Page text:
Omtatah leads Farmers, MPS in rejecting sugar zoning

Speaker of the National Assembly Moses Wetangula and Kakamega Governor Fernandes Barasa lead other sugar sector delegates in the sugar forum conference at Masinde Muliro University of Science and Technology on September 8, 2023. [Benjamin Sakwa, Standard]

Some leaders from Western Kenya have joined farmers opposed to the zoning of sugar mills.

Busia Senator Okiya Omtatah, Malava MP Malulu Injendi and former chairman of the defunct Kenya Sugar Board (KSB) Saul Busolo argued that introducing zoning will make rogue millers neglect and enslave the farmers.

Speaking during a two-day sugar conference at Masinde Muliro University of Science and Technology (MMUST) yesterday, the leaders termed zoning a hot issue that will deny the farmers the freedom to sell their produce to a buyer of their choice.

"The issue of zoning is a hot one and I personally would not like to be tied to one sugar mill," argued Injendi.

Mr Omtatah said that farmers should be left to be free and sell their raw materials to the company of their choice and have a free competitive market.

"The issue of zoning is no longer an issue in today's discussion on how to address the problem the cane sector is facing the farmers have a right to own land and must have a right to decide where to sell their raw materials based on the contract the framers have with various sugar factories," said Omtatah.

"The idea of zoning and putting farmers in groups like cooperatives should not be allowed and the government should ensure farmers have an enabling environment to do their farming by regulating the sector and ensuring sugar millers assist growers to develop sugarcane and expand the acreage under the crop to make raw materials available for our factories," he added.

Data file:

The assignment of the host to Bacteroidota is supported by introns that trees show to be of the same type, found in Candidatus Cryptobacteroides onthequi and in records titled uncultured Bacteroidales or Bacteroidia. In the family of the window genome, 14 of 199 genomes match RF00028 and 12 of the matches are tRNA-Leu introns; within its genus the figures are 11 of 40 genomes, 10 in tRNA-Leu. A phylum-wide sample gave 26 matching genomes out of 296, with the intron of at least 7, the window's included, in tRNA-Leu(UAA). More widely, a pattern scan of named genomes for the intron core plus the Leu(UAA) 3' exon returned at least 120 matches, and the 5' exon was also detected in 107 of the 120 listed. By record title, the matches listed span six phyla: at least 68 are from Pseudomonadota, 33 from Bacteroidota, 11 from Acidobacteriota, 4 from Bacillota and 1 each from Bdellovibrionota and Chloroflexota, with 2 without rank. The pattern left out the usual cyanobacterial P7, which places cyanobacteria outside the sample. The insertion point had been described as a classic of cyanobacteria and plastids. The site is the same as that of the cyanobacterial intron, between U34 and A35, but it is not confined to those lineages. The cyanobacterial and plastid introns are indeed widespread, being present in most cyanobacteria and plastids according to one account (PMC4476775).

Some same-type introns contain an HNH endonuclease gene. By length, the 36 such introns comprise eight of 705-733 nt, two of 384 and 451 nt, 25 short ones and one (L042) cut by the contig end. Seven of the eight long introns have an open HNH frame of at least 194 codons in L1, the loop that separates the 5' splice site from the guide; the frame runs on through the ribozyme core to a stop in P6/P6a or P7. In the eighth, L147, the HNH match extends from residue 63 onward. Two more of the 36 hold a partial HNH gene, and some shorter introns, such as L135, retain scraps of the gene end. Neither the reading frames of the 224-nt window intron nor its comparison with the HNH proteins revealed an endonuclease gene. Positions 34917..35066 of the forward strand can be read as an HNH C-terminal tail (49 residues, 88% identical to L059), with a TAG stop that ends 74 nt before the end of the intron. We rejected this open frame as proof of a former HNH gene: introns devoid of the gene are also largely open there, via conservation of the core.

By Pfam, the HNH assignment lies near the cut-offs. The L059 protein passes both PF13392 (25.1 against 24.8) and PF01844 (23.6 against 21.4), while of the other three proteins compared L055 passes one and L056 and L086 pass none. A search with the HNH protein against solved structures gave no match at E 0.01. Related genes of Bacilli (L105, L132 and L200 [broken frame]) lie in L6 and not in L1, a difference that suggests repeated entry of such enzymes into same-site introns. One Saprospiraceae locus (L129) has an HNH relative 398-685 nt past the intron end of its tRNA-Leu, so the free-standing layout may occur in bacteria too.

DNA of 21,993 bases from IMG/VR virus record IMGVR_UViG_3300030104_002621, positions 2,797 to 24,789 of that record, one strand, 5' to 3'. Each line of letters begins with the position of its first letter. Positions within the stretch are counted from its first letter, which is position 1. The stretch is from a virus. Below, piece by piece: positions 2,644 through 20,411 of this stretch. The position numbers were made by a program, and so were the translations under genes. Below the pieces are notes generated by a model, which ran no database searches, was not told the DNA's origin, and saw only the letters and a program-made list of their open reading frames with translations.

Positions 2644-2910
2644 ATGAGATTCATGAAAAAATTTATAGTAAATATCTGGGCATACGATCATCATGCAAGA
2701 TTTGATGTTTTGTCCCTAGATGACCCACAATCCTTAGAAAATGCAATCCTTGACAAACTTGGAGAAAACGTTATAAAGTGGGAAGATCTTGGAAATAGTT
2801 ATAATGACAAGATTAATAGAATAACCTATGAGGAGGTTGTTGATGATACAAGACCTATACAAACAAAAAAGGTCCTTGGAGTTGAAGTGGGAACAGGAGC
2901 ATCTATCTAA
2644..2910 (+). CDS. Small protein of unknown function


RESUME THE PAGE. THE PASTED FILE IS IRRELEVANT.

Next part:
National Assembly Speaker Moses Wetang'ula called for regulation of the sub-sector to ensure there is no poaching of cane.

"We want the venture to be regulated. We do not want a scenario where a certain miller poaches and harvests cane developed by another miller and yet that certain factory has invested a lot in ensuring farmers plant enough sugarcane," said Wetang'ula.

Charles Atyang, chairman of the Kenya Association of Sugarcane and Allied Products (KASAP) opposed zoning urging the government to ensure millers empower farmers to grow more cane for the viability of the cane industry.

"We want a free and fair competitive market where farmers are given the right to sell their raw materials to the factory of choice and based on how millers have helped farmers in growing their product," said Atyang.

"What we want is our millers to help farmers achieve low costs of production by availing fertilizer, researching, conducting soil testing and investing in training to increase production of the cane and make profit."

Michael Arum, chairman of Sugar for Campaign Change said he was disappointed with the sugar conference because the zoning of cane plantation dominated the conference and not the issue of cane productivity and low cost of production.

"We wanted to discuss how we can lower the cost of production and increase productivity for the betterment of our farmers and millers but we are discussing whether to introduce zoning or not, but zoning will not solve the productivity problem," said Arum.

"Zoning will pin me down as a farmer because I will be subjected to a miller who does not take away my welfare as a farmer, we need a good contract between the millers and farmers where we will have good pricing and favorable competition," he added.

Steve Olenarupa, a farmer faulted the organizers of the event which he claimed was hijacked by by politicians and not real farmers.

"We were happy when our Lreb Governors led by Fernandes Barasa organized this event to deliberate on issues affecting our sector but it has been hijacked by politicians and we are appealing that farmers be allowed to give out real issues affecting the sector during the second day of this event,"said Olenarupa.